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Newly Diagnosed PSA15 Gleason8

User
Posted 02 February 2017 15:51:55(UTC)

Hi, I'm 67 and recently diagnosed as having PC.  My PSAs have been 15 and my Gleason score 8 (4+4).  Prostate size 37cc containing a tumour 0.44cc, a bone scan etc was all OK showing it's confined to prostate.  I'm told this is high risk and needs radical treatment.

My general questions are:

I guess it's too malignant to just monitor and try giving tumeric, ginger and vitamin D etc., a go in the hope it might hold it at bay?  Failing that is it too malignant for any of the focused treatments (Brachy, HIFU or VTP) - though not sure if available on NHS (as wasn't offered these options by my consultant in Cambridge).

I anticipate that recommendations/opinions will be the same as my consultant - either surgery (robotic assisted laparoscopic radical prostatectomy) or radiotherapy with hormone treatment.  I'd like to hear from anyone who has had either and specifically whether they can (a) get any kind of erection afterwards ie. extent of impotence and

(b) extent of incontinence - is it temporary or permanent and do you have to wear/sleep in pads. 

User
Posted 03 February 2017 10:57:08(UTC)

Hello Chris,

Your Gleason score and PSA do put you into the high risk category (of your cancer spreading beyond the prostate), so you would be taking quite a risk in relying on a change in diet alone (there is scant evidence that diet helps although many on these forums, including myself, have made dietary changes in the hope that it can help in some way).  You mention continued surveillance and although this would  likely spot spread in the prostate, it wouldn't spot cancer cells "escaping" via the bloodstream or lymphatic system.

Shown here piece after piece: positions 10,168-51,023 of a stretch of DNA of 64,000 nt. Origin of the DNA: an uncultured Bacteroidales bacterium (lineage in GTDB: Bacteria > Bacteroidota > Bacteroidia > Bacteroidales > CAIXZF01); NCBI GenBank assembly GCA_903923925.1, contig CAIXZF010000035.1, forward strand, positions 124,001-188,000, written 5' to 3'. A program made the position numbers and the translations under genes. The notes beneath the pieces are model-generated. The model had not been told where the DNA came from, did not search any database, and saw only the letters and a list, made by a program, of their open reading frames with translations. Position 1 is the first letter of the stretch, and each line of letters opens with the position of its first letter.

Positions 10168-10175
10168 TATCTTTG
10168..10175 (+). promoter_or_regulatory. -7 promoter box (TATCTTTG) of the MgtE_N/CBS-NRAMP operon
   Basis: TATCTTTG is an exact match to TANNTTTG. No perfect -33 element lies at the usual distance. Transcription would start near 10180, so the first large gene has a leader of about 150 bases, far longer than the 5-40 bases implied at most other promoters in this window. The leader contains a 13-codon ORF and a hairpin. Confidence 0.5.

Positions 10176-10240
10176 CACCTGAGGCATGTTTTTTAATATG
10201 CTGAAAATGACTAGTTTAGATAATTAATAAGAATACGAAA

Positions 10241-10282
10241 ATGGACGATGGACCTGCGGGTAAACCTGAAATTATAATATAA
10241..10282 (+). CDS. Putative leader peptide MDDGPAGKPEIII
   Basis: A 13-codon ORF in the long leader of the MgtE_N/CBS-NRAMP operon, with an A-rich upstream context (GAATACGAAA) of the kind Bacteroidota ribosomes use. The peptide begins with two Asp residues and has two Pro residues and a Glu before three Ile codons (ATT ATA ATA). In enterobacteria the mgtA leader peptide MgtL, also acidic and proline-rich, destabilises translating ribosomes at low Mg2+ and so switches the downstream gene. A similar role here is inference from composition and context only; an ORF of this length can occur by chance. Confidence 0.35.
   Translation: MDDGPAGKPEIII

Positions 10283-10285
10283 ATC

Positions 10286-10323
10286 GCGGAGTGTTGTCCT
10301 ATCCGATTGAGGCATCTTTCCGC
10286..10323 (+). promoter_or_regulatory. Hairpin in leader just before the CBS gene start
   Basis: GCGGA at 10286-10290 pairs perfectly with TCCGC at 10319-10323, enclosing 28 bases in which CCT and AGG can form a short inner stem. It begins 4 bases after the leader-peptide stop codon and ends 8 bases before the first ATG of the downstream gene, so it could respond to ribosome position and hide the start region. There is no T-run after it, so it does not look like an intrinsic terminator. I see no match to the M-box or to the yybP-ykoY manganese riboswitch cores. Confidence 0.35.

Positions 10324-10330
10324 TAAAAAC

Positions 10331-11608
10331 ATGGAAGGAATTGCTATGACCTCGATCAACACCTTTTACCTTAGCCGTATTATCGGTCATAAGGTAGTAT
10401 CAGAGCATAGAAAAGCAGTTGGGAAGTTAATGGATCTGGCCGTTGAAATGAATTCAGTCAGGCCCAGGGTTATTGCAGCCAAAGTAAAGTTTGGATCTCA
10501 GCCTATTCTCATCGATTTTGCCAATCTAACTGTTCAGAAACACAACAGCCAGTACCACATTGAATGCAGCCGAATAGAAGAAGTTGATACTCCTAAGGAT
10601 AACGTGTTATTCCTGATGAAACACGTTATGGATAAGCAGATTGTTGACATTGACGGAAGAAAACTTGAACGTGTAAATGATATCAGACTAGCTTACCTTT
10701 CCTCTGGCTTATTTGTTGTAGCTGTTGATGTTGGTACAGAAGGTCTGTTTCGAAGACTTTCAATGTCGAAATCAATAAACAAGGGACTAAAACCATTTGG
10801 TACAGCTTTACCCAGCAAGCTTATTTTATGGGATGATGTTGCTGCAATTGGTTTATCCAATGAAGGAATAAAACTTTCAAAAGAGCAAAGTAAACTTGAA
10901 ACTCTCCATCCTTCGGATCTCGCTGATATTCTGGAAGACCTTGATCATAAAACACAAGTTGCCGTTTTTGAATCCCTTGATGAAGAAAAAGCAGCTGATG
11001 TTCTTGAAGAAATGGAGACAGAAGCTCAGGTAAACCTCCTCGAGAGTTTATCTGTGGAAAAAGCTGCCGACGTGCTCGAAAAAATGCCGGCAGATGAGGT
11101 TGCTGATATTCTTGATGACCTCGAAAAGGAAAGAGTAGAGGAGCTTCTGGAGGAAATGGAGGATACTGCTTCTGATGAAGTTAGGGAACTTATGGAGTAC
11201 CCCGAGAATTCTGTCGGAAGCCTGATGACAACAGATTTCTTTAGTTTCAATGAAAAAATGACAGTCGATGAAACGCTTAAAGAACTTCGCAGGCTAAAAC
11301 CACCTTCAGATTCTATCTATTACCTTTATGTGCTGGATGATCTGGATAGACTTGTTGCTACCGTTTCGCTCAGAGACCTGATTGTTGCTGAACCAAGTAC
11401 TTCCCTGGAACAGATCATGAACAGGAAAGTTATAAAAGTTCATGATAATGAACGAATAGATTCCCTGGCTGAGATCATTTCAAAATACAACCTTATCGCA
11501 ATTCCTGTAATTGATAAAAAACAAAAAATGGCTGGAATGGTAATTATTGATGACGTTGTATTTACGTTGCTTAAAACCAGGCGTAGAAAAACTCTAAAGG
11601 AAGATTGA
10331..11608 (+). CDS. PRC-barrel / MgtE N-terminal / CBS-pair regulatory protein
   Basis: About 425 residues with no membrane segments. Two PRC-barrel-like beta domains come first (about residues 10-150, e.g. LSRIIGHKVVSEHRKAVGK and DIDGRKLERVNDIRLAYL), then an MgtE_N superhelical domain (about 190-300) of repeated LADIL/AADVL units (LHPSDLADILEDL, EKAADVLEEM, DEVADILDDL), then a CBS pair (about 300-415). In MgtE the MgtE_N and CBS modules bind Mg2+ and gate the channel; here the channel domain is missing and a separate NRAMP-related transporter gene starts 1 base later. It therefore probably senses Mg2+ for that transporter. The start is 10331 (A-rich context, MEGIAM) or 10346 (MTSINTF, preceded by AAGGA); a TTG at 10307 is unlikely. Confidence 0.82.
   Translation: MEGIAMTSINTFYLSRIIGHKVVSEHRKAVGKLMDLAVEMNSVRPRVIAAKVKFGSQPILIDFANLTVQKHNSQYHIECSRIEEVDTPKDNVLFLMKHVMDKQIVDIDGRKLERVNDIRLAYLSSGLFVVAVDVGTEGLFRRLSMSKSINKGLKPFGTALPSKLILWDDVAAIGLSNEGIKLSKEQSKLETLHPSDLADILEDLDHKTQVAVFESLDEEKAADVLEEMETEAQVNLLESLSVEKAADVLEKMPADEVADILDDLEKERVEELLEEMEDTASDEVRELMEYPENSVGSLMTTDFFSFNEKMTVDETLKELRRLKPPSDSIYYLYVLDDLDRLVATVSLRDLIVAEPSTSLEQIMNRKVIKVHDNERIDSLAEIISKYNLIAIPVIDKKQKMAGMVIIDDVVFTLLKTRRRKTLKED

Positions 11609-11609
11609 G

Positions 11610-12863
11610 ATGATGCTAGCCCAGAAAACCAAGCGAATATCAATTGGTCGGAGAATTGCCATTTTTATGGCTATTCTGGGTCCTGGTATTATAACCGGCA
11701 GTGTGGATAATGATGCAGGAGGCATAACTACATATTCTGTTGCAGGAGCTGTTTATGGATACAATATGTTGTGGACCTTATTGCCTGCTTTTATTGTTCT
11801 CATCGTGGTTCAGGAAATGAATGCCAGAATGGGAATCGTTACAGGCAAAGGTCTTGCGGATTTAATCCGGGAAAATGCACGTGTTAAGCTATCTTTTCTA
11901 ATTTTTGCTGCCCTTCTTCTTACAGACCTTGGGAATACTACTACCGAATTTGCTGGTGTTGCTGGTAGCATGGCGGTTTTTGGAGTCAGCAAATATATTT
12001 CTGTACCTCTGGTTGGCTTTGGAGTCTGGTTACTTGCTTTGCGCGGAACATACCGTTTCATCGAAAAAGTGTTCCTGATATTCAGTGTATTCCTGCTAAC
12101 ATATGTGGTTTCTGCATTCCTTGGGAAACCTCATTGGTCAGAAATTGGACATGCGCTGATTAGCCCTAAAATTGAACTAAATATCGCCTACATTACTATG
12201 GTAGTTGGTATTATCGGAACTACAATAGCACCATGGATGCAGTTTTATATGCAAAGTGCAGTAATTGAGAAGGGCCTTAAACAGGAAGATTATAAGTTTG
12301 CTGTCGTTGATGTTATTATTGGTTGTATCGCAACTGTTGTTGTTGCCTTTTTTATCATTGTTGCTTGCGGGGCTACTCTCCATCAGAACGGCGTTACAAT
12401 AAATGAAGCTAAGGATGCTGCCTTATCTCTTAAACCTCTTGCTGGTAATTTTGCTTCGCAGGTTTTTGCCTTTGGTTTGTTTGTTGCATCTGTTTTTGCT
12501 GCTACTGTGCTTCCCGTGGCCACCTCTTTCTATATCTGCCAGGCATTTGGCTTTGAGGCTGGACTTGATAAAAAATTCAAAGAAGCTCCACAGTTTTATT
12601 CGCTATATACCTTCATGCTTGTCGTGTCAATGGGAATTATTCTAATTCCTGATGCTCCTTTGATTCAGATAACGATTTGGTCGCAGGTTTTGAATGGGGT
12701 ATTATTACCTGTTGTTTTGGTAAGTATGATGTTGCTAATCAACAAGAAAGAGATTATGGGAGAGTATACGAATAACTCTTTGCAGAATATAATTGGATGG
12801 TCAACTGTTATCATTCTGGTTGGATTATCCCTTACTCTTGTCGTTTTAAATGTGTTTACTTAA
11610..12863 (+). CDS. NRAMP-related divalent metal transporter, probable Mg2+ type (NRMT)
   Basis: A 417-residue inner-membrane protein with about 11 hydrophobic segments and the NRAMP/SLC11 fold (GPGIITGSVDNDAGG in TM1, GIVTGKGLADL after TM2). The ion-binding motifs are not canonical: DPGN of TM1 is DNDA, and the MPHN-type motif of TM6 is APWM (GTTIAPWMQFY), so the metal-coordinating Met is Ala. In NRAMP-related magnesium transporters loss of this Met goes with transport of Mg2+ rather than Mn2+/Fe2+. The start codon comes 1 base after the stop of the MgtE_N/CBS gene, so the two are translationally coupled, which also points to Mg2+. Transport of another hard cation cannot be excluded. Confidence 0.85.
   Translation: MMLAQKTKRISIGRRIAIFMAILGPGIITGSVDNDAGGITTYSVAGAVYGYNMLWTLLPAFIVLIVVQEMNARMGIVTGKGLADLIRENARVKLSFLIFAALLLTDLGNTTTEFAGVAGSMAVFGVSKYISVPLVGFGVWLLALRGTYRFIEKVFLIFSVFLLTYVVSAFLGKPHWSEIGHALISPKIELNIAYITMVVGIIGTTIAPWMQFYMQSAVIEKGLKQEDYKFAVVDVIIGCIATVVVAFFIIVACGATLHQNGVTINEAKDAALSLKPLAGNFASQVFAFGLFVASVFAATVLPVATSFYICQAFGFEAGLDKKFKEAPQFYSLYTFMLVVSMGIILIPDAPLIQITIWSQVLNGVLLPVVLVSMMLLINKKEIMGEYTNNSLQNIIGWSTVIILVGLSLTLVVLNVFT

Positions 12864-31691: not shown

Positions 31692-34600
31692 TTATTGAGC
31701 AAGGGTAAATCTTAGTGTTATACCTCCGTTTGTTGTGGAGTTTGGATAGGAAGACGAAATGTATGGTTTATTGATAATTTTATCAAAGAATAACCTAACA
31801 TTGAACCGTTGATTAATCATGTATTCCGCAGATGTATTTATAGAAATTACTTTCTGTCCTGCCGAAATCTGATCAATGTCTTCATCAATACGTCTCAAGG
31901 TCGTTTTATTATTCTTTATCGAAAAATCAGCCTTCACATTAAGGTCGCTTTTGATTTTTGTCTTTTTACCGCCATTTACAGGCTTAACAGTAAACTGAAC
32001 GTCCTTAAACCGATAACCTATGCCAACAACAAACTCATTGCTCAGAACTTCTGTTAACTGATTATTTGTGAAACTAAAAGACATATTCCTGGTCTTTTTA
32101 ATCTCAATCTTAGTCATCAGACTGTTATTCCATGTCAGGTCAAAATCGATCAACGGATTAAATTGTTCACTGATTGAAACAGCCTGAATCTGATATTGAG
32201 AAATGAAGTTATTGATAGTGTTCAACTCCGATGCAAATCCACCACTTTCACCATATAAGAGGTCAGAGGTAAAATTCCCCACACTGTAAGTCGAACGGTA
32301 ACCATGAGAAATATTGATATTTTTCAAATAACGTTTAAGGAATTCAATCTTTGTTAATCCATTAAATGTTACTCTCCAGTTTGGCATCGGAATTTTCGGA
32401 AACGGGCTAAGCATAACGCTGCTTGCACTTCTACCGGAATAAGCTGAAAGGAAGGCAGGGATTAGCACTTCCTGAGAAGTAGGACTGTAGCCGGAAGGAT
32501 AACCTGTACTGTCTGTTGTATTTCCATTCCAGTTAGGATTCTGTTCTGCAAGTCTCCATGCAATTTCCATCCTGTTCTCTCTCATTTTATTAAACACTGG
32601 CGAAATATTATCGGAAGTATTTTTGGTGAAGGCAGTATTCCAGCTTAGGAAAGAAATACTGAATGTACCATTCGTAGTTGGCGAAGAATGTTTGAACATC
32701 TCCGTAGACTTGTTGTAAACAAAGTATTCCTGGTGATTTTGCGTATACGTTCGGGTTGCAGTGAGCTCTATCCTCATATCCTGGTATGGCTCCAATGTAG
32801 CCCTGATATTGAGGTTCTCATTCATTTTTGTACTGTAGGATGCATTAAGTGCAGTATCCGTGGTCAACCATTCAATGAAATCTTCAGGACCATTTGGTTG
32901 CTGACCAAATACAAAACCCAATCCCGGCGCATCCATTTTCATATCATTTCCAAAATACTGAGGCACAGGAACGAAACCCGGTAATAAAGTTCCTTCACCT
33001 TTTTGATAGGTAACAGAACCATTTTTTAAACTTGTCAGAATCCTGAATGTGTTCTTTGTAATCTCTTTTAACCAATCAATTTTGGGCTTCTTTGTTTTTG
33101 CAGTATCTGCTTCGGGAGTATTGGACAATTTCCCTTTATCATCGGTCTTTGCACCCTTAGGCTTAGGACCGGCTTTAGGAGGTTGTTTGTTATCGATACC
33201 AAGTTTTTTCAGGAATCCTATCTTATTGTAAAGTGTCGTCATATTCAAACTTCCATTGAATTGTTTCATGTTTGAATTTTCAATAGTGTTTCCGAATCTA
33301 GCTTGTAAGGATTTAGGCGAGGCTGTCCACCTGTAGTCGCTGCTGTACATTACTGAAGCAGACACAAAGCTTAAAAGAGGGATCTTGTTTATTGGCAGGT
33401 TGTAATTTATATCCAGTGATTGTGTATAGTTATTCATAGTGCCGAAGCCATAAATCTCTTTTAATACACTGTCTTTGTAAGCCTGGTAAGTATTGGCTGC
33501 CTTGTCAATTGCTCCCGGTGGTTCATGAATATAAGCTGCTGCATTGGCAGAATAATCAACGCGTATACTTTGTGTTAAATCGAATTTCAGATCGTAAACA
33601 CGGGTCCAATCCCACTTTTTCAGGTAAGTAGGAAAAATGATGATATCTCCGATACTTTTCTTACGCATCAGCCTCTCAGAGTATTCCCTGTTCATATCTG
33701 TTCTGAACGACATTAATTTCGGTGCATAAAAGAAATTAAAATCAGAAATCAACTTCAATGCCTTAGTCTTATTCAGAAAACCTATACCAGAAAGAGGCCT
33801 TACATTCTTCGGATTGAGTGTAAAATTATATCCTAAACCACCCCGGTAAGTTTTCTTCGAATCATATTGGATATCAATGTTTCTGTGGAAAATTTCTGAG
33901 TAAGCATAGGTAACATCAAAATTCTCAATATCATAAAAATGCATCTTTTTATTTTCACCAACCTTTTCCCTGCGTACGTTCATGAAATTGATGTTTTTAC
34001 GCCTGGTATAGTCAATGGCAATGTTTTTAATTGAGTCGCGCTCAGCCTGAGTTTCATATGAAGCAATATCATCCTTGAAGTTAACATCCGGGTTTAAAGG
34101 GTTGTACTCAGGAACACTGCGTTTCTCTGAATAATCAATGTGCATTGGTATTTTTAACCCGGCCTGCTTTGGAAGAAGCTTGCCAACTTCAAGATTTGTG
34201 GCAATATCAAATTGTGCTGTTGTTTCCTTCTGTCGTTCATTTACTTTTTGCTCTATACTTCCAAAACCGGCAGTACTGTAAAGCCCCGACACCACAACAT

So, I can see why your consultant is recommending radical treatment. Here's a link which gives some further details on risk.....

http://www.cancerresearchuk.org/about-cancer/prostate-cancer/stages/localised-prostate-cancer

In terms of treatment options, yes there are a range of "possibles". I would seek guidance from both a surgeon and a radio-oncologist. I chose surgery.

In terms of side-effects, you will probably experience a period of incontinence and impotence. The duration of each is dependent though on a number of factors....the skill of the surgeon / team, the extent of nerve sparing, your age, your pre-op. continence and erectile function, the help you get afterwards from the hospital team (continence team / erectile dysfunction team), your partner, and of course luck. 

 

My own experience was that I was thankfully "dry" within a couple of days (after the catheter being removed, although I still need to be careful sneezing 3 1/2 years on) and it took 6 months to regain an erection (I had both nerves spared).  But everybody is different, some have been able to get an erection in weeks of surgery, others still battle with incontinence many years after treatment. I consider myself very lucky overall.

Flexi

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User
Posted 02 February 2017 16:24:29(UTC)
Hi check my profile for answers to some of your questions. - just click on name.

Ray
User
Posted 02 February 2017 16:36:51(UTC)

Hi check my profile. I am 49
So sorry you find yourself here. I ended up having to have radical prostatectomy. It's taken me 19 months to get erections even though I am young and had nerve sparing. I've no idea which is the best treatment. Surgery failed me and I ended up on HT anyway and further treatment will be necessary maybe including RT. If you really care about erectile function then RT will give you a chance possibly for up to two years. Surgery is almost definitely going to give you long term or permanent ED. There is no easy way out I'm afraid. On the good side , despite surgery , I was fully continent within 2 months !